#44 – The same old (CBME) song and dance, my friend 

Dr. Lara Varpio, portrait.
Episode host: Lara Varpio.
(Photo E. Cronberg)

Episode article

Hamza, D. M., Hauer, K. E., Oswald, A., van Melle, E., Ladak, Z., Zuna, I., Assefa, M. E., Pelletier, G. N., Sebastianski, M., Keto-Lambert, D., & Ross, S. (2023). Making sense of competency-based medical education (CBME) literary conversations: A BEME scoping review: BEME Guide No. 78, Medical Teacher, 45(8), 802–815.

Listening to this episode would provide valuable insights into competency-based medical education (CBME) and the complexities surrounding it. The hosts discuss a paper that reports on the conversations in the literature about CBME. The history of those conversations and what they hold for the future of CBME is highlighted.

Episode notes

The following breakdown examines the key components of the study’s methodology and highlights the findings.


I recognize that just a few episodes ago we did a paper that talked about the congruences and incongruences between our conceptualizations of CBME and professional identity formation. That conversation got a little spicy, and I got some emails from listeners about that discussion. Some of those emails were celebrating some of our comments. Others were a little less glowing. 

Looking across those emails and across the literature on CBME that I have in my files as “important” publications on the topic, I came to appreciate that the literature about CBME isn’t always consistently working off the same assumptions. Different authors in different contexts frame CBME in different ways. I decided that I wanted to find a paper that would help me to appreciate the diversity of the discourse in our field around CBME and to consider the future of CBME in light of that diversity.  


What are some important turning points in the history of CBME that got us where we are today? What has gone well? What is misunderstood? What frustrates you?

Jason: “I’m really immersed in this subject! It’s my area of scholarly interest and I’ve been doing it for 30 years. That’s all my gray hair.” Jason complexities and challenges surrounding competency-based medical education (CBME) discussions. There is a the cacophony within these discussions, with the lack of agreement on fundamental definitions and topics even among professionals globally. This highlights a significant obstacle in advancing CBME initiatives effectively, as the absence of consensus can lead to misunderstandings, miscommunication, and fragmented efforts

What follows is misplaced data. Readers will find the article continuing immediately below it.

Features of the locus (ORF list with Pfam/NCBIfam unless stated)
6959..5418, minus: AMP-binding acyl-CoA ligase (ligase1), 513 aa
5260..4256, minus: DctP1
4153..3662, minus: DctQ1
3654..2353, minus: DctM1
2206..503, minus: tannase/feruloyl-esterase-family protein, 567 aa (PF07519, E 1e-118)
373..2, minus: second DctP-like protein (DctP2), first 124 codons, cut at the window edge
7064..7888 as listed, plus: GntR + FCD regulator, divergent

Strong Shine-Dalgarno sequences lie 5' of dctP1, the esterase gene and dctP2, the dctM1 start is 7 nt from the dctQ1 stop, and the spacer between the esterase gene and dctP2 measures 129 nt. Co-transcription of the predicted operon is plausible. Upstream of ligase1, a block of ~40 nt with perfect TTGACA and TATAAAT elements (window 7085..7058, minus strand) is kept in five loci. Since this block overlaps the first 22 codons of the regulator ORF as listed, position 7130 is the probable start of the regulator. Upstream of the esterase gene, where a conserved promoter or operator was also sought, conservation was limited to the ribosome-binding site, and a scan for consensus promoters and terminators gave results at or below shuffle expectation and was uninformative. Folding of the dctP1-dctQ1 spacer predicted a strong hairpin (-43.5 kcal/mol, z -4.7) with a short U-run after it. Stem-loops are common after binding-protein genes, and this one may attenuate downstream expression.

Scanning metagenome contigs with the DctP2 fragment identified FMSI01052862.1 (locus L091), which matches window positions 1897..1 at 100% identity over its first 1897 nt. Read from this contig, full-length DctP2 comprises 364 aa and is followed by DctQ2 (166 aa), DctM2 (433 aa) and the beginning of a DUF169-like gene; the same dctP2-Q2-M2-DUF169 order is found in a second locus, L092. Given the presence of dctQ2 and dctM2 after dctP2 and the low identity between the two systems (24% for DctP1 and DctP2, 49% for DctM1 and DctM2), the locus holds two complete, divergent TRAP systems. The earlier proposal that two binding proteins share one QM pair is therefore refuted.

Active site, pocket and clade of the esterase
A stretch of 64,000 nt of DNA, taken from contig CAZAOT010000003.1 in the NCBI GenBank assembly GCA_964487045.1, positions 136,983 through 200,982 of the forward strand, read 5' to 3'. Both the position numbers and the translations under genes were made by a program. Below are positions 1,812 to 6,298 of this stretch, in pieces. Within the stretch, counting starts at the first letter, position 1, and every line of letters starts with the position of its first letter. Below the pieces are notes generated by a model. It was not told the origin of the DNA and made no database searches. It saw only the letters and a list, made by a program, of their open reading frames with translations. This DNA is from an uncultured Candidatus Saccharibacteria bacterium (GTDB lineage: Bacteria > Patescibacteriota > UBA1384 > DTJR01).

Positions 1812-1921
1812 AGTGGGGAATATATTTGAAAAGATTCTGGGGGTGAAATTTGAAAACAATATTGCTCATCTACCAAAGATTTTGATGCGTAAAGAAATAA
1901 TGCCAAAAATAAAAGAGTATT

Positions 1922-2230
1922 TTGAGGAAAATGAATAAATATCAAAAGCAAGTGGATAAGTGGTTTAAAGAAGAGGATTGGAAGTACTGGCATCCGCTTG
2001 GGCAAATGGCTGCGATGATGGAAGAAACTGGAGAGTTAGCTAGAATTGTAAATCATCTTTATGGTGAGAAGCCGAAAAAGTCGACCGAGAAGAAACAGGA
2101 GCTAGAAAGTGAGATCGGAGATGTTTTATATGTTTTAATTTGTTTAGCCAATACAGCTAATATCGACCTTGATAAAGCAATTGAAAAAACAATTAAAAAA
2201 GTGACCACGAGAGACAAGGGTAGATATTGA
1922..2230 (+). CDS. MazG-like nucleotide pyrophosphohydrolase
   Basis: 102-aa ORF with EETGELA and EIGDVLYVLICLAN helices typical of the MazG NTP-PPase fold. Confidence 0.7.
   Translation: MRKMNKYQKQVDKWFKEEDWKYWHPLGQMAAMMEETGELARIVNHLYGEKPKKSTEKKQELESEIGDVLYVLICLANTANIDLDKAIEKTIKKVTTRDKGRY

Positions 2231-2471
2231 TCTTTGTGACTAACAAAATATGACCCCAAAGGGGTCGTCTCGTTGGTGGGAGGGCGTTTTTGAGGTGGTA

Gartner Hype Cycle By Jeremykemp at English Wikipedia, CC BY-SA 3.0

Linda: recalls a pivotal moment in CBME history where a group of clinician educators convened to overhaul residency education, highlighting the enthusiasm followed by ups and downs in adoption. She compare the journey of CBME adoption to the Gartner hype cycle, noting phases of initial enthusiasm, followed by challenges and grudging acceptance. Acknowledging the ongoing frustrations and complexities in implementing CBME, they emphasize the difficulty of change and the need for continued refinement and evaluation.

Jon: Emphasizes the value and principles of competency-based medical education (CBME), having been part of the initial cohort pushing for its adoption. Jon talks about viewing CBME as a complex educational bundle rather than a singular intervention, highlighting the need for precision in defining its components. Reflecting on the past, they recall the problematic nature of the health system and how CBME emerged as a response to address issues of power, inflexibility, lack of accountability, and creativity. However, there is concerns about the implementation and evolution of CBME, suggesting a lack of attention to continuous improvement and outcome evaluation, and a tendency towards labeling rather than focusing on desired outcomes and refinement.